Gen5 Outback BIU (Body Integrated Unit) Mod to Prevent LED Turn Signal Hyperflash

Part 3 – Theory and Circuit Description

So, why does this work, and “how did you figure this out”?

Driving incandescent bulbs is difficult. For four bulbs, almost 100 watts of power is required. Because of this, the current detect function is NOT built into the main controller, but is provided by a separate IC.

So, in order to figure out if this was possible, I purchased a salvaged 2015 Outback BIU for $30 off of ebay. Here is this unit, on the bench, and wired up to make the turn signal bulb outputs work.


As soon as I was able to identify the bulb driver IC as the Infineon BTS020, and found a datasheet, I knew this was possible.

The BTS5020 creates a signal on pin 4 called “IS”, for “current sense” to send information to the microcontroller about how much current is being used by the turn signal bulbs. Furthermore, this pin is a high impedance current output. Most ICs drive an analog signal like this one using a voltage output, which means that it is not easy to override the signal level without cutting PC board traces.

With current outputs, however, you can easily shift the level at the pin using a single resistor. This also means it is easy to reverse and remove the rework if necessary.

The microntroller reads the signal on this pin using an A-to-D (“A/D”), or analog to digital converter. This connection is through a 4.7K resistor, into pin 138 of the microcontroller, which is an R32C-R5F6456. This signal is AN_2/P10_2.

Here is the schematic of the rework again.


Note that the resistor to ground, “Ris” in the Subaru BIU is the same value recommended in the applications information, which is not surprising. Doing what the IC manufacturer recommends is usually a good idea.

This graph, from the BTS5020 datasheet, shows the relationship between the current flowing in the output, and the current driven info the 1.2K resistor by the BTS5020. through the IS pin.


Two normal turn signal bulbs draw, for a 21W 7440 bulb, about 3.5A. In order to fool the microcontroller into thinking that this current is still flowing, we need to create about 1.2mA of current into the 1.2K ohm resistor. Some algebra results in a resistor value of 10K, between the cars 12V supply and the current summing node. Note that a more reasonable value for the cars operating voltage is 14V.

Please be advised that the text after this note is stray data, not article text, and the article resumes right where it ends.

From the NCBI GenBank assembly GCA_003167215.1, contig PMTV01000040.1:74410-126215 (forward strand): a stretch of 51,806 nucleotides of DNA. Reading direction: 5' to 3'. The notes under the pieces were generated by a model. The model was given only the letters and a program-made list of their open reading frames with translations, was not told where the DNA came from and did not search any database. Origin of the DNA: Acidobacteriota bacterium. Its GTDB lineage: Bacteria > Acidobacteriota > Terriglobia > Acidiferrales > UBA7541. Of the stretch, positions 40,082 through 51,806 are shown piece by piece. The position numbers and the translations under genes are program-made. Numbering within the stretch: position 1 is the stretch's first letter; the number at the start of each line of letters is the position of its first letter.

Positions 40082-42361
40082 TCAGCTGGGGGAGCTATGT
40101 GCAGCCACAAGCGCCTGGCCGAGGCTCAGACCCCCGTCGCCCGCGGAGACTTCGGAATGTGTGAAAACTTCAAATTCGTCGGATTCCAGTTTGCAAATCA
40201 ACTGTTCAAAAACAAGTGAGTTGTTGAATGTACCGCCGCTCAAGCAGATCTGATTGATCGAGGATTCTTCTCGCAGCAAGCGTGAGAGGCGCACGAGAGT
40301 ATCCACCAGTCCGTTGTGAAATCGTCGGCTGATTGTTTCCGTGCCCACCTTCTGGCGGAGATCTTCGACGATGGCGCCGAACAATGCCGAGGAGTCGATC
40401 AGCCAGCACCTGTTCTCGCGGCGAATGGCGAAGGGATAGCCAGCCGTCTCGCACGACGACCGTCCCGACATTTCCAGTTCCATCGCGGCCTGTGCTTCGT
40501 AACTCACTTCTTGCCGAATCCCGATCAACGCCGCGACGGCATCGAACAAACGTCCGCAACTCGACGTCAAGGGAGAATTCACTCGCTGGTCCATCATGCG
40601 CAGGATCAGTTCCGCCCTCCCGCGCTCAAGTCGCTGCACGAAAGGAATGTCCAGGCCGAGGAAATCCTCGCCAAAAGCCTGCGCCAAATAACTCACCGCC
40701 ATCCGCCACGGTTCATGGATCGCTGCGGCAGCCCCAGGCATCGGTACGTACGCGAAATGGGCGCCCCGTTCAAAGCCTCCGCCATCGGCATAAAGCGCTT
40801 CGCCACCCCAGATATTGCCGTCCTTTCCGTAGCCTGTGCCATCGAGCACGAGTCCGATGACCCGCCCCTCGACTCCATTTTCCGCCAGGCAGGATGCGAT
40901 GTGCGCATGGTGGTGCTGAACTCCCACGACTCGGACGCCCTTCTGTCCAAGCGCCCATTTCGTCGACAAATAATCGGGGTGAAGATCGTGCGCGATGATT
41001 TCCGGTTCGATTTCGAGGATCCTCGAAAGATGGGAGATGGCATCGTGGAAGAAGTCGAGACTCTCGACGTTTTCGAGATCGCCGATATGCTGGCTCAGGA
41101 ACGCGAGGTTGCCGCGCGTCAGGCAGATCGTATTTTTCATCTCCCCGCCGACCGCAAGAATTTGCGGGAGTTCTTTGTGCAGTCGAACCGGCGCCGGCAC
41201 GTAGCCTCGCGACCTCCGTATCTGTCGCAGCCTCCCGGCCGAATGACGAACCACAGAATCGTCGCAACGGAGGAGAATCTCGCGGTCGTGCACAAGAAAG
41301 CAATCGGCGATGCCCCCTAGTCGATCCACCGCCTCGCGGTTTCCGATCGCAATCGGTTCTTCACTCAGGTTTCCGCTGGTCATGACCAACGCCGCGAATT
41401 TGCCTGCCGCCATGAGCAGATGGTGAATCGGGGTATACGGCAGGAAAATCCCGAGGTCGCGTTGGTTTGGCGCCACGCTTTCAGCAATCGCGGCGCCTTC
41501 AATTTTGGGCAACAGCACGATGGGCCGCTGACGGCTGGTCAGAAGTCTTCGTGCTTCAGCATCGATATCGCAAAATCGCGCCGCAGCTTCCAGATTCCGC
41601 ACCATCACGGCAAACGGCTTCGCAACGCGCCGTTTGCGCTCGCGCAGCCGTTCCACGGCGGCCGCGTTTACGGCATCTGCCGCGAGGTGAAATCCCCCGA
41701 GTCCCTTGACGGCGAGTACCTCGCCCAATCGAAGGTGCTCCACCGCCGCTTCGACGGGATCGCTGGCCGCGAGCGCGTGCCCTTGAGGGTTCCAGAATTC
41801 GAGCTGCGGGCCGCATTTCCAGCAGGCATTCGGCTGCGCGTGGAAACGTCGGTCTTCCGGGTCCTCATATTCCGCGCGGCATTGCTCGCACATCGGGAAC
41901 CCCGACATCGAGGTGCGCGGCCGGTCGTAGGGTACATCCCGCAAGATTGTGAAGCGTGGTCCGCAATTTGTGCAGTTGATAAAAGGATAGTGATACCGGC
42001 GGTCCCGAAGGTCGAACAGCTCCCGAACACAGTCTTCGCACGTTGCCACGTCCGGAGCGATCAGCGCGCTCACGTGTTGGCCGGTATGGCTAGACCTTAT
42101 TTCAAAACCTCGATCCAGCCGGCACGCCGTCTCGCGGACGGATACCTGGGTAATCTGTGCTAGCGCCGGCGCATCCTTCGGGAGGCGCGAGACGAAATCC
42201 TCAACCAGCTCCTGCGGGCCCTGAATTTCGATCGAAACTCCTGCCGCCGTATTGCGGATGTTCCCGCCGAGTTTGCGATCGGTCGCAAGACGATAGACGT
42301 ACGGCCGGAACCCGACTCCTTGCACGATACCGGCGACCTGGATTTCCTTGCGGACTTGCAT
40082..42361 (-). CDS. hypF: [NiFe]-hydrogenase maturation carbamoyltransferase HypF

By adding a 10K resistor from the BTS5020 pin 4 to the ignition pin (pin 6 of the BIU internal connector), pin 4 is biased to 1.5V (at Vbatt = 14V) with no current flowing from the BTS5020, as happens when all the turn signal bulbs are off. Luckily, the microcontroller does not sample this pin to check for zero current when the output (left or right) is turned off. This voltage, with the recommended 1.2K ohm resistor to ground, is equivalent to a sense current of 1.5V/1.2K ohms = 1.25mA. From the graph, this maps to an output current of 3.5A. Note that a single incandescent bulb is 21W, or 1.75A @12V. So two bulbs is 3.5A, which the 10K resistor simulates.

Another consideration is circuit safety. The microcontroller is powered from a 5V power supply, and in general it is a bad idea to connect voltages higher than that to a 5V IC. So adding a 10K ohm resistor to +12V seems like it might create a problem.

However, this circuit was already designed to handle higher voltages.

Note that the BTS5020 puts out +10V on the IS pin under a short circuited output fault condition. To prevent damage to the microcontroller, a series 4.7K is used, again as recommended by the applications information in the data sheet.

This resistor limits the current into the microcontroller when the voltage on IS is higher than 5 volts.

The microcontroller datasheet specs a 2mA maximum “injection current” on p.83 of the data sheet. This specification is there specifically to allow designers to safely apply voltages higher than 5V to the microcontroller, and know how to specify a series limiting resistor like the 4.7K.

If pin 4 reached 12V, then current would be limited to (12V – 5V) / 4700 = 1.5mA, which is less than the allowed maximum of 2mA.

Note that the 10K resistor only adds 0.2mA to the current in the faulted state, with 2V across the resistor. So the protection circuitry is not really affected by the 10K resistor addition. In this case, “faulted” means that there is a short to ground in the wiring, and that the upstream fuse has somehow not blown. Most circuits will NEVER see this state.

Now, if the microcontroller software was reading the A-D value with the turn signals OFF, it would notice that 3.5A was flowing when it shouldn’t be! But, luckily for us, it doesn’t. So, it is OK to just add a fixed amount of current to the sense pin. If the software did sample this pin in the “bulb-off” state, and noticed a problem, a slightly more complex mod could be used. But the micocontroller doesn’t even drive the DEN pin when the bulbs are off, meaning it can’t expect to sample the IS pin. I think it is very unlikely that they will ever change this behavior.

Also, note that the microcontroller doesn’t pay ANY attention to the current sense pin when the emergency flashers are selected. So, we don’t need to worry about adding additional current unless the ignition is on, which is required for turn signal operation. We can therefore tie the upper end of the 10K resistor to the IGN signal, rather than a constant 12V source.

This prevents any additional battery drain which would occur if the 10K resistor was tied to a constant 12V source.

OK, there you go. Is this a good idea? Certainly not. But I still like it every time I turn on the turn signals and know what is going on. Plus, if you had to leave your car with the emergency flashers on, it is going to run MUCH longer before the battery goes dead.

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